#VP22: Feasibility, Consumer Acceptability And Behavioural Outcomes Associated With Take-Home Fentanyl Test Strips

Author: Rachel Sutherland Maureen Steele Edmund Silins Rosie Gilliver Phillip Read Amy Peacock Monica Barratt Robert Page Raimondo Bruno Craig Rodgers

Theme: Epidemiology and Public Health Research Year: 2021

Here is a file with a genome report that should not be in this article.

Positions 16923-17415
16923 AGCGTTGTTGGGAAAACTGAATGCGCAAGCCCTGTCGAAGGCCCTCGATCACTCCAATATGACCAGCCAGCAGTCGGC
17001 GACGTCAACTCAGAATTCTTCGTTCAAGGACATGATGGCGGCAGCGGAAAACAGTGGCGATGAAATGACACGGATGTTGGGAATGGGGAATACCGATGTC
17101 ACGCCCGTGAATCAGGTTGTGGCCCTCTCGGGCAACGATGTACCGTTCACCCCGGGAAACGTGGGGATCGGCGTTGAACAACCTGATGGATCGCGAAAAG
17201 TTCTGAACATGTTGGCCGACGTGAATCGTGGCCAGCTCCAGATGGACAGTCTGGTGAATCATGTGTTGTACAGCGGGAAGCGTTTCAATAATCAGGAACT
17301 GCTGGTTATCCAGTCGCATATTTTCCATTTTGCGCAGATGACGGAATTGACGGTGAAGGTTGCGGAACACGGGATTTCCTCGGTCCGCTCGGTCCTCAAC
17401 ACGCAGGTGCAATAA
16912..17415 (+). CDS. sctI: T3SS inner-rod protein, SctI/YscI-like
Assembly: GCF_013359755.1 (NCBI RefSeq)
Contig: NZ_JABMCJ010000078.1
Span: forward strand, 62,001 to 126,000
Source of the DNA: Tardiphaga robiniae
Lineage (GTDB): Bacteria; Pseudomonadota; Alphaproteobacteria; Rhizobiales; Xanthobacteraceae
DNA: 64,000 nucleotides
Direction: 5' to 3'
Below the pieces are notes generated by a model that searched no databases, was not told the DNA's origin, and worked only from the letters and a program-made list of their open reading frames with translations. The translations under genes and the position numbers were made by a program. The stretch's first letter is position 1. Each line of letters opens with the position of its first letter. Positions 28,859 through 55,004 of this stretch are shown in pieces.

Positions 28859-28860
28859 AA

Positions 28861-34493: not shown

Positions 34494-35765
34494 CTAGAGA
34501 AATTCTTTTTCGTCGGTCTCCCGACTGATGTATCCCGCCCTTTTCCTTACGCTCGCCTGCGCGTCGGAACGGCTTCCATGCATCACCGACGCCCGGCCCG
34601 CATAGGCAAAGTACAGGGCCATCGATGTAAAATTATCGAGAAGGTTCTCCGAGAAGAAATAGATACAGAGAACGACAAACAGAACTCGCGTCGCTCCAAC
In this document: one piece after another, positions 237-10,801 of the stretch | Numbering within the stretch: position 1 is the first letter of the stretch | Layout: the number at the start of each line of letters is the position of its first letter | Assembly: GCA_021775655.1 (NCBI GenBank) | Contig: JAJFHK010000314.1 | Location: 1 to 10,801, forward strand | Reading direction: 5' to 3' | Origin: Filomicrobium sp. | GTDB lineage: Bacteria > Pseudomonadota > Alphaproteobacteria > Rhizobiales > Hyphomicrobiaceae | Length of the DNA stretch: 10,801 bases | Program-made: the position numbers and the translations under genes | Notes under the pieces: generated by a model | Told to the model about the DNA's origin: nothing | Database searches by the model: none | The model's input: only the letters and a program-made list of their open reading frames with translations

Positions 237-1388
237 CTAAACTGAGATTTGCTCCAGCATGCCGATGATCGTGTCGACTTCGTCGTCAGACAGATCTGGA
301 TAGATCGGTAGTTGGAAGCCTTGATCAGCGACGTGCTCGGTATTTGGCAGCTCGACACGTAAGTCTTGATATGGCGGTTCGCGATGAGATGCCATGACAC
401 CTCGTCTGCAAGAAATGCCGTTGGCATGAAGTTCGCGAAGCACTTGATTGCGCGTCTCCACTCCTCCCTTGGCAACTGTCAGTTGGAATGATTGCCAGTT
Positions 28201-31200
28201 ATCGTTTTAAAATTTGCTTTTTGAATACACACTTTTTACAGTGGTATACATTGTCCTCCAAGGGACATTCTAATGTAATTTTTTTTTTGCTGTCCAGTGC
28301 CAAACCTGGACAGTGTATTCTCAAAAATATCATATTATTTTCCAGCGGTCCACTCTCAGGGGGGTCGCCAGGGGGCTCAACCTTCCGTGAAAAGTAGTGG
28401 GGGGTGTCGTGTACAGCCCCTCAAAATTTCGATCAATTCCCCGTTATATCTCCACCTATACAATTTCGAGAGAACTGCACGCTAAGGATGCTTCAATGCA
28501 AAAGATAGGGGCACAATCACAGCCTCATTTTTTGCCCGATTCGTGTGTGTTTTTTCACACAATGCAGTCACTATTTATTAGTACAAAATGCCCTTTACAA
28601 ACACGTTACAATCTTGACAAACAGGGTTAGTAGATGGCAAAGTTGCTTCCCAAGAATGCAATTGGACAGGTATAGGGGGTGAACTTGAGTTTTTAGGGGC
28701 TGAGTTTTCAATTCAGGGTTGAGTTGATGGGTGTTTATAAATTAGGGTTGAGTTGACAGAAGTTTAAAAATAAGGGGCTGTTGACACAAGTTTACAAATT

Background: Fentanyl and fentanyl analogues pose an urgent public health threat. These substances are of higher potency than other opioids and are increasingly being used to adulterate heroin, contributing to tens of thousands of deaths worldwide. This project aimed to examine the feasibility, consumer acceptability, and behavioural outcomes associated with take-home fentanyl-test strips in Sydney, Australia. Methods: Seventy-eight people who had used heroin in the past six months were recruited from Kirketon Road Centre and Rankin Court, Sydney (n=40 and n=38, respectively). Participants were provided with training on how to use, and interpret the results of, fentanyl test strips. Upon completion of the training, participants were given 10 fentanyl test strips to take home for personal use and were followed up four weeks later. Results: To-date, 67 out of 78 follow-up interviews have been completed (86%). Of those who completed the follow-up survey, 81% (54/67) reported that they had used at least one of the fentanyl test strips given to them: heroin was the most tested substance (76%), followed by methamphetamine (24%). A total of 320 strips were used: 52 of these strips were reported as testing positive for fentanyl, although it is important to note that this was based on self-report, and samples were not forensically tested or validated. Among those who reported a positive fentanyl detection, 36% (8/22) reported consuming a ‘tester’ prior to consumption, with smaller numbers reporting that they had gone ‘slower’ or used less than originally intended. Almost all participants reported they would use the strips again if they were free to access (96%) and would recommend them to peers (98%). Conclusion: The uptake and consumer acceptability of take-home fentanyl test strips was relatively high among our sample, providing support for its implementation and expansion across Australia. Disclosure of Interest Statement: See example below: AP has received untied educational grants from Seqirus and Mundipharma. RS has received untied educational grants from Seqirus. RB has received untied educational grants from Mundipharma and Indivior. PR has received research funding from Gilead Sciences, as well as institutional and individual honoraria from Gilead Sciences, Abbvie and MSD. Funding from these organisations has now ceased, funding was for work unrelated to this project, and the funding bodies had no role in study design, analysis and reporting. No pharmaceutical grants were received for this study

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